U.S. equities traded slightly higher on Monday as Wall Street got ready for the start of the latest earnings season.
The Nasdaq composite gained 0.3 percent as technology stocks rose. Amazon’s stock climbed 1.8 percent as the company got set for its so-called Prime Day. Prime Day features big deals for Amazon’s Prime customers.
Shares of Tesla erased earlier losses, trying to rebound from last week’s sell-off. The stock entered a bear market last week, trading more than 20 percent below its all-time high.
The Dow Jones industrial average rose 30 points, with Caterpillar contributing the most gains. The S&P 500 traded 0.2 percent higher, with technology and materials leading advancers.
Investors had high hopes for tech heading into the upcoming earnings season. David Kostin, chief U.S. equity strategist at Goldman Sachs, said in a note Friday: “Info Tech margins beat consensus forecasts in 1Q and we estimate full-year 2017 Info Tech margins will be stable at 19.9%.”
Tech stocks have been the best performers of 2017 thus far, with the sector rising 17 percent. But the sector has struggled over the past month, slipping 1.3 percent.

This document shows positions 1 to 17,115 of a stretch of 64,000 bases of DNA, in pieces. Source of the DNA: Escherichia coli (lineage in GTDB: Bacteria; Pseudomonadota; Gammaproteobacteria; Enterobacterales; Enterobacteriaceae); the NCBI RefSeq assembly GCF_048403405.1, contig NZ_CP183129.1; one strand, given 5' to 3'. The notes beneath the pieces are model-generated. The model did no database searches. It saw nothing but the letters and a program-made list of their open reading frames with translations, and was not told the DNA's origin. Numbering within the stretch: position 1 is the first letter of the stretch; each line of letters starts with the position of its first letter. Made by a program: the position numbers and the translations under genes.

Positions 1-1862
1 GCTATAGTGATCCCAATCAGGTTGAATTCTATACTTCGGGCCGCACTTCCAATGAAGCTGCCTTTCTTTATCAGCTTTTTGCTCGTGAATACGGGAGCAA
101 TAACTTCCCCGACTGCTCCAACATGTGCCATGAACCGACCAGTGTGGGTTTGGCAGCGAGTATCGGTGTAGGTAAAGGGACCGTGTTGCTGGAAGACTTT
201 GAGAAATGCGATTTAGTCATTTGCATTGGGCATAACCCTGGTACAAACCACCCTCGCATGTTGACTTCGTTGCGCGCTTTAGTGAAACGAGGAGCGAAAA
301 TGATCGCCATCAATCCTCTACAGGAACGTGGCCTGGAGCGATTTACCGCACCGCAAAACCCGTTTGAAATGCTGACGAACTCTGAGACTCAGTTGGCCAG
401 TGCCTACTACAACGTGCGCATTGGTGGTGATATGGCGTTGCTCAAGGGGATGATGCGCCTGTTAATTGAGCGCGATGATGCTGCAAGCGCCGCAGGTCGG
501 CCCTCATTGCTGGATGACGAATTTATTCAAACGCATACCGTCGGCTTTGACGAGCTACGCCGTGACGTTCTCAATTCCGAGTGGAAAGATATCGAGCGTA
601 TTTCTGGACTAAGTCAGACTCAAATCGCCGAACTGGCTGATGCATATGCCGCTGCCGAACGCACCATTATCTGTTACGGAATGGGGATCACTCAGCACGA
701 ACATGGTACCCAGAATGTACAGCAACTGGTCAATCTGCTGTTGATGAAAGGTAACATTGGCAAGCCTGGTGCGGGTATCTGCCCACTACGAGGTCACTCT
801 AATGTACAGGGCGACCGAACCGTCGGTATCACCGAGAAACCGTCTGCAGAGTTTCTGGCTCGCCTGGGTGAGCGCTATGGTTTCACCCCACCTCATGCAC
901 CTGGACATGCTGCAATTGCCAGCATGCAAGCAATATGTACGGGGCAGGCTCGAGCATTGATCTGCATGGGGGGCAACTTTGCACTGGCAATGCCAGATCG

Jonathan Krinsky, chief market technician at MKM Partners, said in a note Monday investors should “buy into” tech’s recent pullback. “Unlike in the summer of 2015, thus far the percentage of S&P 500 Technology stocks above their 200 DMA remains firmly above 80%. Should this dip into the 60% area, like in July 2015, we would then be more concerned,” he said.
Earnings season will kick off on Friday when JPMorgan Chase, Citigroup and Wells Fargo all release their quarterly results. Investors also kept an eye out for earnings from large-cap technology companies.
“The overall earnings season, I think, is going to be a continuation of what we saw in the first quarter,” said Art Hogan, chief market strategist at Wunderlich Securities. Earnings for the S&P 500 grew by 15 percent.
Stocks ended last week on a high note, eking out a weekly gain following a strong U.S. employment report.
There are no major economic data due Monday. However, key inflation data — along with monthly retail sales — are due out at the end of the week. Federal Reserve Chair Janet Yellen is also scheduled to testify in front of Congress Wednesday and Thursday.
“The economic calendar goes dark until later this week. Although Janet Yellen will march up the steps of Capitol Hill on Wednesday, the Chairman will likely not add any new pieces to the current monetary policy puzzle. Hence, portfolio managers have started to shift their focus to the upcoming earnings season,” said Jeremy Klein, chief market strategist at FBN Securities, in a note Monday.